Re: [NTO] laptop advice please
- Greg Chapman <gregchapmanuk@...> on Sun, 22 Aug 2010 19:14:33
>You appear to be confusing Netbook and Notebook. As I understand it, aTo *my* knowledge (but I'm ready to stand corrected) power
>netbook, by definition, will not have an internal optical drive, and
>while the term was invented for machines with small screens and solid
>state drives, rather than magnetic disc drives, many do now have
>conventional disc drives within.
>However, I agree that "power" is not normally the issue, rather that
>small screens and relatively low drive space, do make them impractical
>for extensive graphics, video and audio work, and are best for email,
>web browsing, and simple word processing, spreadsheet and similar
*consumption* is a design feature, resulting in them being equipped
with CPUs from Intel's Atom line rather than Pentium etc.
The power adapter of my Asus HA1001 is much smaller (in size and
rating) than those of my Vaio notebooks.
However, it can power external drives (optical or magnetic).
As a result of that lower power *consumption* (at the same state of
the art) an Atom and associated chips offer less *processing* power.
And as I said before, my netbook appears to perform above my (low)
expectations even on sound generation.
And it was cheap (EUR 240 last February). Even its successors may be
cheaper than dedicated eBook readers.
- Greg Chapman wrote:
> You appear to be confusing Netbook and Notebook.Not confusing, comparing. And apart from the missing optical drive the
netbook comes out trupms when compared to a not quite so new notebook,
and that includes the twice as big hard drive.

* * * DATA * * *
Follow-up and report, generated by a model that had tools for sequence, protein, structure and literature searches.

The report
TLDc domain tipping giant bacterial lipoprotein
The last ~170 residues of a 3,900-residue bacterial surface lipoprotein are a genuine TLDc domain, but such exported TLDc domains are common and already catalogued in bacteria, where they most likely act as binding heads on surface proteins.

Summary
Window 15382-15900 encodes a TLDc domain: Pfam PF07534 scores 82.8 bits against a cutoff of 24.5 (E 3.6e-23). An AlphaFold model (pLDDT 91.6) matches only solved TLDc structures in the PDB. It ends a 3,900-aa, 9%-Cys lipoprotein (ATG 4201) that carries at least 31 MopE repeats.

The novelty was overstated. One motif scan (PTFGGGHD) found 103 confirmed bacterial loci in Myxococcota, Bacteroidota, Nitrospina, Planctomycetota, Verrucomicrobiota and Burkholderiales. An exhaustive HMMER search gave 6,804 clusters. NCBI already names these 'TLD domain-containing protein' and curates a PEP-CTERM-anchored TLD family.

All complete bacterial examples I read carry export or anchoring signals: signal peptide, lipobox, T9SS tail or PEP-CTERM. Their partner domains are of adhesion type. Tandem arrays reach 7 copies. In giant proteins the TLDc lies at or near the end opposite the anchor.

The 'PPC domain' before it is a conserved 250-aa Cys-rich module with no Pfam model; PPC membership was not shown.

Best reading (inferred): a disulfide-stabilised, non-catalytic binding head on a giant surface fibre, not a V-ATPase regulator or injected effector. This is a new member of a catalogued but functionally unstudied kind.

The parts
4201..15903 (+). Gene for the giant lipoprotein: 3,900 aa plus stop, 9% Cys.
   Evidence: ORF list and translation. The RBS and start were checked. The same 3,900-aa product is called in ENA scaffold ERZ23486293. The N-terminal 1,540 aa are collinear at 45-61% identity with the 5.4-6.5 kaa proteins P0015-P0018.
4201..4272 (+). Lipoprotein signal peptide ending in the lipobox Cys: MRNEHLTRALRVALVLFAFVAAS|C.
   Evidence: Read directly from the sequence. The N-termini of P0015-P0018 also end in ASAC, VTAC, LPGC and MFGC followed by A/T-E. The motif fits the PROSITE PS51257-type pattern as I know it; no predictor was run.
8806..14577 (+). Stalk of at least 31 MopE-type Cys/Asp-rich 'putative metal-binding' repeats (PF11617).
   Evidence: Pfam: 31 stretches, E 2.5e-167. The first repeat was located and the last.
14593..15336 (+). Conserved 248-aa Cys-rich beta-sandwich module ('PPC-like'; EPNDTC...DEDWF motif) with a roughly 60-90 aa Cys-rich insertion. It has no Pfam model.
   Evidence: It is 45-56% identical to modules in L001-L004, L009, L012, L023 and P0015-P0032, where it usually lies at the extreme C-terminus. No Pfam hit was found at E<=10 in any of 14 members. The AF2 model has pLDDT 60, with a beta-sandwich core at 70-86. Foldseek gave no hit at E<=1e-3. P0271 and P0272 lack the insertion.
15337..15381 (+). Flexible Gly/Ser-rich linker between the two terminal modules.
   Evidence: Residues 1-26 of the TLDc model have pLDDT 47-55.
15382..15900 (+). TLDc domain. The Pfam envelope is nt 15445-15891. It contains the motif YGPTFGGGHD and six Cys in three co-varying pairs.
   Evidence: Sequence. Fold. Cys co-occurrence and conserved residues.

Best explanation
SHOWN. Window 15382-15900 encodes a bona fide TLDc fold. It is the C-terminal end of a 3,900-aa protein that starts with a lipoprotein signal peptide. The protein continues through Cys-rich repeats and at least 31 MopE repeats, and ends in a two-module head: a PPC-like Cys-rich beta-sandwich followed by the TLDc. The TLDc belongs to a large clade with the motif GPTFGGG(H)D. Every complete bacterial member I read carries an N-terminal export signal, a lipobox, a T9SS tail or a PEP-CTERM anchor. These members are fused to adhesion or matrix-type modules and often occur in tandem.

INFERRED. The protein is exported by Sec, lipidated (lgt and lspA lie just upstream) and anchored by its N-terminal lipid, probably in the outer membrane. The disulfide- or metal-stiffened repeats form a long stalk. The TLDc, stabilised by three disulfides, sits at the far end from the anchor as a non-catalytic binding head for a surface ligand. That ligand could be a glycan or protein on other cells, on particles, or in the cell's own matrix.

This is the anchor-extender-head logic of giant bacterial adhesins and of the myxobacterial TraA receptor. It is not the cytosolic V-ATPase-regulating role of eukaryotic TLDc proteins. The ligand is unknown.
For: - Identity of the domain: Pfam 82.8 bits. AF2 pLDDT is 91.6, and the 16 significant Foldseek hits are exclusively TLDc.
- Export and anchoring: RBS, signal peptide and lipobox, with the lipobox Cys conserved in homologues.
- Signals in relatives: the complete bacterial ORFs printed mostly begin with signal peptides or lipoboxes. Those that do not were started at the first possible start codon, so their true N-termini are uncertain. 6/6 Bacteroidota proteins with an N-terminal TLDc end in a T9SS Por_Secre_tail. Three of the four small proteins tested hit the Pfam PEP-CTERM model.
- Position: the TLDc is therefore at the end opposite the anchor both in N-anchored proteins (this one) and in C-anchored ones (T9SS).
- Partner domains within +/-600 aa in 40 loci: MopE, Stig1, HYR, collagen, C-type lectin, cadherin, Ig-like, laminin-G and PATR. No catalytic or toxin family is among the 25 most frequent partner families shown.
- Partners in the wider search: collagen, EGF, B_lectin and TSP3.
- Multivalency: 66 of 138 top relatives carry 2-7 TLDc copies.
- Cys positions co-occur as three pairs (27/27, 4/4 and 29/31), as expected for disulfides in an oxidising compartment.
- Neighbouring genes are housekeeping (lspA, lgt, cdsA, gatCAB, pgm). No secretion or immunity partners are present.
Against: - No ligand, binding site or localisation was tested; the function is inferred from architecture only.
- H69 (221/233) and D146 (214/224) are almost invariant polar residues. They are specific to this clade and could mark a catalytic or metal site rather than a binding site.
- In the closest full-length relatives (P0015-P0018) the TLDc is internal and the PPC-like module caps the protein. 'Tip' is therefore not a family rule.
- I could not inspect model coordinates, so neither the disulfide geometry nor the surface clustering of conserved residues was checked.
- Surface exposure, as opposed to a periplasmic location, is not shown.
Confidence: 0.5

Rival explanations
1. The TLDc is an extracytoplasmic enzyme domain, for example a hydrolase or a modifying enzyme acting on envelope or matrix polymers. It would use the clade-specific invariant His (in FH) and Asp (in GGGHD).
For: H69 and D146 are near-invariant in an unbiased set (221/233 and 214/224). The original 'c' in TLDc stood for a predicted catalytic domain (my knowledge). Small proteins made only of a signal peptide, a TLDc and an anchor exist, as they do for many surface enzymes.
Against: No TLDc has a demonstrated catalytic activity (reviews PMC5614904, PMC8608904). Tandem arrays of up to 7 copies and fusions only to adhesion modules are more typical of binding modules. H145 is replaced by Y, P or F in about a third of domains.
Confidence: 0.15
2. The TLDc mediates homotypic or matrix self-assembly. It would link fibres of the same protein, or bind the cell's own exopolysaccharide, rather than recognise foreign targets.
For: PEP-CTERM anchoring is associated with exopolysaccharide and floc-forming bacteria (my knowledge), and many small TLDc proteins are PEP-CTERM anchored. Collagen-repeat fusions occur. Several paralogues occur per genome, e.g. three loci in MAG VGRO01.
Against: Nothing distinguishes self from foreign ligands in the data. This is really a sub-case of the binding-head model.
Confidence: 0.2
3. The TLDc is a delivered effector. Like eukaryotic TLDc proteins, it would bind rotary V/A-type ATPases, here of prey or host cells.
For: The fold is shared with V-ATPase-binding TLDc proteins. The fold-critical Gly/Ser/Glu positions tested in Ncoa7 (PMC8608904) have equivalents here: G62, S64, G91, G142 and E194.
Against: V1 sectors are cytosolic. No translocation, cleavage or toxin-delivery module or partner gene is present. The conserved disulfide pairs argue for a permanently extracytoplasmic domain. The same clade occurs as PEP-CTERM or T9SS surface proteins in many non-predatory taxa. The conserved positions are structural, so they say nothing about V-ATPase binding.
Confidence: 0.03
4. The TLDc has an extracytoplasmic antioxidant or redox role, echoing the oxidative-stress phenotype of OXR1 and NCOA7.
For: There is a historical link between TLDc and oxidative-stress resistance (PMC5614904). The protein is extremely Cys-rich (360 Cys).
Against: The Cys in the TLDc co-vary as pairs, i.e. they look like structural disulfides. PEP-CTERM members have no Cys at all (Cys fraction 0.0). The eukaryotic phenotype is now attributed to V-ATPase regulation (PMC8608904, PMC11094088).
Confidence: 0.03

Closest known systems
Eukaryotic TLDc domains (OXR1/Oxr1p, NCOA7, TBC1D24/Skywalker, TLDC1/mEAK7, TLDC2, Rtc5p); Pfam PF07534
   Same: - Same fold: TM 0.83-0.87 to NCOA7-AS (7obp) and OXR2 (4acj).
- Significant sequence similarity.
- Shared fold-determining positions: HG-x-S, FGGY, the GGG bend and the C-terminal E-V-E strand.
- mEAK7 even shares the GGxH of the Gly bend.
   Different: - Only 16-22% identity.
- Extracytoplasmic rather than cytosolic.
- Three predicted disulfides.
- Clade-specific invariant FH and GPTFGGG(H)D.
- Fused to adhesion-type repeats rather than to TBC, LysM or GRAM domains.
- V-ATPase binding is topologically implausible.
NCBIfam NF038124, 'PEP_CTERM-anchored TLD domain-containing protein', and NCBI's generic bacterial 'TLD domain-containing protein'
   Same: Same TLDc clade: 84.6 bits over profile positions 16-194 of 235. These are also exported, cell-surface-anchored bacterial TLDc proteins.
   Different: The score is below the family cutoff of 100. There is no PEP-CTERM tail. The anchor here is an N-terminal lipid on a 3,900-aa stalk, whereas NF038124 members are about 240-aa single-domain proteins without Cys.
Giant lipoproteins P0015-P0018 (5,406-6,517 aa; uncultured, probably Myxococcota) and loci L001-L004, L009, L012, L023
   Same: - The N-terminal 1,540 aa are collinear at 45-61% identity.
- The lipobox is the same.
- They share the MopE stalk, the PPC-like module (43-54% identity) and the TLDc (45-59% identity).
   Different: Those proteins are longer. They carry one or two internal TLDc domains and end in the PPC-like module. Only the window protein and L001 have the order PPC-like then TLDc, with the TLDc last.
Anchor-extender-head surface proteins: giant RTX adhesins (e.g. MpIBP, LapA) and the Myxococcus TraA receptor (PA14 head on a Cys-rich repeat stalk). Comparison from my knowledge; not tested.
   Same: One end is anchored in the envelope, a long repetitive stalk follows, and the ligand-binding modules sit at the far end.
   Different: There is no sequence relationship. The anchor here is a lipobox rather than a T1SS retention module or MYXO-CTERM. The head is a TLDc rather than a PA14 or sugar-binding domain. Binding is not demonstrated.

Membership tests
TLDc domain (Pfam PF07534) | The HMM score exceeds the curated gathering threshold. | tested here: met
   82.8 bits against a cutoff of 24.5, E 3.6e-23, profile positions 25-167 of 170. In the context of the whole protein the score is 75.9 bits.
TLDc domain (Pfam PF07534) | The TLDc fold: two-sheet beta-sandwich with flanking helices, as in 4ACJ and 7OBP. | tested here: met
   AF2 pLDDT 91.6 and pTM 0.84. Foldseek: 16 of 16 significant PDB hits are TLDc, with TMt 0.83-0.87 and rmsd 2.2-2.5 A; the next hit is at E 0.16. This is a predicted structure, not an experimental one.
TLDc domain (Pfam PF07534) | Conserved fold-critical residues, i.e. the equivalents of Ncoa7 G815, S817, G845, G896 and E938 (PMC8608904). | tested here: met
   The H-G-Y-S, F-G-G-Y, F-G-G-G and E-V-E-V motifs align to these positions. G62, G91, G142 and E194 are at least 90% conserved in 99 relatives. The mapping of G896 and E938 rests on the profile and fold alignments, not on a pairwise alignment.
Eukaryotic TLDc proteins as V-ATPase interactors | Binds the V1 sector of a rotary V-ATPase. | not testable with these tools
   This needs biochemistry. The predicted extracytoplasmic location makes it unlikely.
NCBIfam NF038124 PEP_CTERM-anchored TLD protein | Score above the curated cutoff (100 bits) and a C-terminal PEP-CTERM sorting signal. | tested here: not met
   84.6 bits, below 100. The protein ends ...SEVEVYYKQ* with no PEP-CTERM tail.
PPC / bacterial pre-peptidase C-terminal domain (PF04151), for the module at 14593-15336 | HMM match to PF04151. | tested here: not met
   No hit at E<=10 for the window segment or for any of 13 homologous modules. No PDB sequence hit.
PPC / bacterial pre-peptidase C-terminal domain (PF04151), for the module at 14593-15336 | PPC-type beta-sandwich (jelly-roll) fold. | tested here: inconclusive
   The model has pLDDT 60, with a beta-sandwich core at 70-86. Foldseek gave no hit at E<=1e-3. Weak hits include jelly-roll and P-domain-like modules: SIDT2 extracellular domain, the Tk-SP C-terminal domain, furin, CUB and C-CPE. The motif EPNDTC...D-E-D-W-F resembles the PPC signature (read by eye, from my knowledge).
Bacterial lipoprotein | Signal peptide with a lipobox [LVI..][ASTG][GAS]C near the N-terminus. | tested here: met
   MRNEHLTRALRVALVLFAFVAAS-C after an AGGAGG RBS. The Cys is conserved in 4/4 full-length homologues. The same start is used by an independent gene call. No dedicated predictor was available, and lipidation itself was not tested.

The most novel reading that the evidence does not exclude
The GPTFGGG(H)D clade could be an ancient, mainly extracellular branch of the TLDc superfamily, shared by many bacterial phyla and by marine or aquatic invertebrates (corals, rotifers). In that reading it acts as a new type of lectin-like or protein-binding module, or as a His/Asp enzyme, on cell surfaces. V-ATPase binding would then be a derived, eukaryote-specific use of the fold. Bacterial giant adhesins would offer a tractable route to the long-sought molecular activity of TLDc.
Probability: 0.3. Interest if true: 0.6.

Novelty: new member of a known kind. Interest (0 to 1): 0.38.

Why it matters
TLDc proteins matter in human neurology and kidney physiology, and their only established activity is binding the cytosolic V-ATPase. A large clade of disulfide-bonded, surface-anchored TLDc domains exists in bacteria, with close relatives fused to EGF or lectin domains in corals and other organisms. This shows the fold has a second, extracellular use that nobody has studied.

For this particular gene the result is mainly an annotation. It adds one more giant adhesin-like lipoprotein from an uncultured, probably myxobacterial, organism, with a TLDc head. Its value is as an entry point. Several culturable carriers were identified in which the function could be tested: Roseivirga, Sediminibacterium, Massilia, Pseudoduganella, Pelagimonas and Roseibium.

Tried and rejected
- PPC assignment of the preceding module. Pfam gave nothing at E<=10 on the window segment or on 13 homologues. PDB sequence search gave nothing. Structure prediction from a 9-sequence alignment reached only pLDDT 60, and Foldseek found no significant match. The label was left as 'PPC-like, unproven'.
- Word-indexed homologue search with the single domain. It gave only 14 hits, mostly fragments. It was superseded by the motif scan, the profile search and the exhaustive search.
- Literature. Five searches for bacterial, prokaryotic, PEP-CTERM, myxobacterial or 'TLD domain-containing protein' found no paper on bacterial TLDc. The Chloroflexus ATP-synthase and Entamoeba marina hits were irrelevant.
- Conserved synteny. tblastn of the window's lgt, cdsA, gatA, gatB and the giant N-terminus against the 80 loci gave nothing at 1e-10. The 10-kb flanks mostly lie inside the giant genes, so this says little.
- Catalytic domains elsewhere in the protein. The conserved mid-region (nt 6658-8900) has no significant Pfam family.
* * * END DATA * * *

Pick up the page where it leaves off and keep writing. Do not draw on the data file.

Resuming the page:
> do make them impractical for extensive graphics,And how many people actually do any of those on any kind of machine
> video and audio work,
except when gaming?
> simple word processing, spreadsheet and similar applications.Quite, though TeX and big databases can be far from simple and in my
case there is some radiocarbon dating, presentation, geographical
information system, not to forget scanning, OCR and PDF-making.
It was in the early seventies, when you could compare serious work
computers and limited low power hobby home computers, today serious work
is at the lower end of power requirements and gaming at the top.
Around 1979 I wrote down the specs of the big central computer in the
Cologne university computing centre. I can't find it right now, but I
believe it was surpassed by about the 486 generation of PCs.
As to data, yes I have 15 GB of music, 150 GB of radio plays, and 15 GB
of family media, but my biggest serious database, the whole earth
elevation from satellite data, is about 20 GB. So you need to have a
strange frame of reference to call a hard disk limit of 160 GB small.
Of course marketing will tell you otherwise ...
- Chris Laarman wrote:
> As a result of that lower power *consumption* (at the same state ofAbsolutely, but even that power is way above anything you're ever going
> the art) an Atom and associated chips offer less *processing* power.
to need in real usage.
- I have all three types, Desktop, laptop, netbook.
All are intensely used, the main issue being the lack of a disc drive in
the netbook, recently remedied with an external DVD-RW.
I use it for Photography, Genealogy and Website writing.